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Monday, 28 November 2016

Writers on Rejection

I'm one of a series of interviewees discussing writing and rejection on A J Ashworth's blog. Contributors so far include Alison Moore and A L Kennedy.

A sample:
AA: You’ve written successfully for television (as well as for radio) many times, but I know that some of the projects you’ve worked on have failed to make it to production. Has this been hard to deal with, especially if you’ve invested a lot of time in them?

SG: I could run my own channel with my unmade projects, but you have to take a long view. Especially in British TV, where everything moves so slowly that you can hear your own hair grow. I will say that I love the American system, which is brutal, fast and full of energy. Even if you have a near-miss, you know you’re playing a championship game. Last year I had a spec TV pilot that sold to ABC Studios. We cleared all the hurdles and just needed the network president’s nod for a straight-to-series order. At that point Spielberg offered him a show, and he handed over the slots that we’d been lined up for. That was hard. But you bounce.

Wednesday, 9 November 2016

Victorian Fun (2)

Well, no matter how long you've known them, your friends never lose the capacity to surprise you. Jo Armitage, with whom I worked back when I was represented by the Curtis Brown Agency, read my last entry on the British Library's Victorian Entertainments exhibition and wrote:
Well I never, just read the blog about your visit to the BL. Can’t remember if I’ve ever told you but my great grandparents (paternal side – Armitage) were a part of the George Sangers Circus. I believe that my great grandfather Armitage was a Ringmaster for them. Small world and when they left the circus he became the Manager for one of the Music Halls in SW London (think Clapham but not sure).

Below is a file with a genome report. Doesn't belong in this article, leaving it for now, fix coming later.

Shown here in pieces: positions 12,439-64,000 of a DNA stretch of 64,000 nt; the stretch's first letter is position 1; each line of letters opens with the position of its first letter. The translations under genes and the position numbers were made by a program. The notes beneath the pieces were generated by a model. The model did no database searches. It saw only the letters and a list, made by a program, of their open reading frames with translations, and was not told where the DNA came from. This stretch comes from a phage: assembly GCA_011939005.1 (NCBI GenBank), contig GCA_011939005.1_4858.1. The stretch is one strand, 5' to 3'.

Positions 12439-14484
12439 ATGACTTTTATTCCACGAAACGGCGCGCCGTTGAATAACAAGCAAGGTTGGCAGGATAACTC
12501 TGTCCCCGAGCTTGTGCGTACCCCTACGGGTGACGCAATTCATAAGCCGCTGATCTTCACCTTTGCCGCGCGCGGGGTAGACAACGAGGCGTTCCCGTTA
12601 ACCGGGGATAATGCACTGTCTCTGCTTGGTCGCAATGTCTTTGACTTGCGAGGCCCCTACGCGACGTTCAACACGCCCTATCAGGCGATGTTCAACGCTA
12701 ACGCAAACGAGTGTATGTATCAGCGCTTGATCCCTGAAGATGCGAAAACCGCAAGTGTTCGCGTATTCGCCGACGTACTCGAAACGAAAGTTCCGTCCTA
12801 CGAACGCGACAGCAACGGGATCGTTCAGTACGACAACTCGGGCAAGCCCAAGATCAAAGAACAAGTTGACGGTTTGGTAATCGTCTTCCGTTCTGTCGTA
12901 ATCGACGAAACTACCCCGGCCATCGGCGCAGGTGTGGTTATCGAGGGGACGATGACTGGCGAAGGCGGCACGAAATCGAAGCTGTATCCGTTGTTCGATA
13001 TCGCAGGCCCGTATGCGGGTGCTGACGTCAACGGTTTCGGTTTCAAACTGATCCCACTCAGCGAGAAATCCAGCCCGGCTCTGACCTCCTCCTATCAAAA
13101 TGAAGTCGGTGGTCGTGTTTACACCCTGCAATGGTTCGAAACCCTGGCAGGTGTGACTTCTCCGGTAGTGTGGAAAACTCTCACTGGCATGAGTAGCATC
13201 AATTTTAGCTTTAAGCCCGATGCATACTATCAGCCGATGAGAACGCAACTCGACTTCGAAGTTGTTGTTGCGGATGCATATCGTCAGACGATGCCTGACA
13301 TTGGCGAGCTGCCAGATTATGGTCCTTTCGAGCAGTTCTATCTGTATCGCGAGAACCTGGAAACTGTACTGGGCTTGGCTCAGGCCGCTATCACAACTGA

In dire need of some diversion on this election-dominated morning, I flipped through Sanger's autobiography Seventy Years a Showman and spent some time down the wonderful rabbit-hole of information that is the Arthur Lloyd Music Hall and Theatre History site. If the Clapham association is correct, then it's quite possible that Grandpere Armitage may have been involved with Dan Leno's ventures in the area. Leno lived in nearby Clapham Park and was a partner in a business consortium that first took over Munt's Hall on St John's Hill, renaming it The Grand Hall of Varieties before going on to commission and build Clapham Junction's Grand Theatre. I turned up nothing useful that I could add to the family story, but was grateful for the excuse to go browsing.

When I asked Jo for permission to pass this along she added that the Ringmaster story came from relatives who are no longer around, so she'd no immediate means of corroborating it. But that her great grandfather worked for Sanger, and met and married her great grandmother while both were in the showman's employ, is beyond doubt.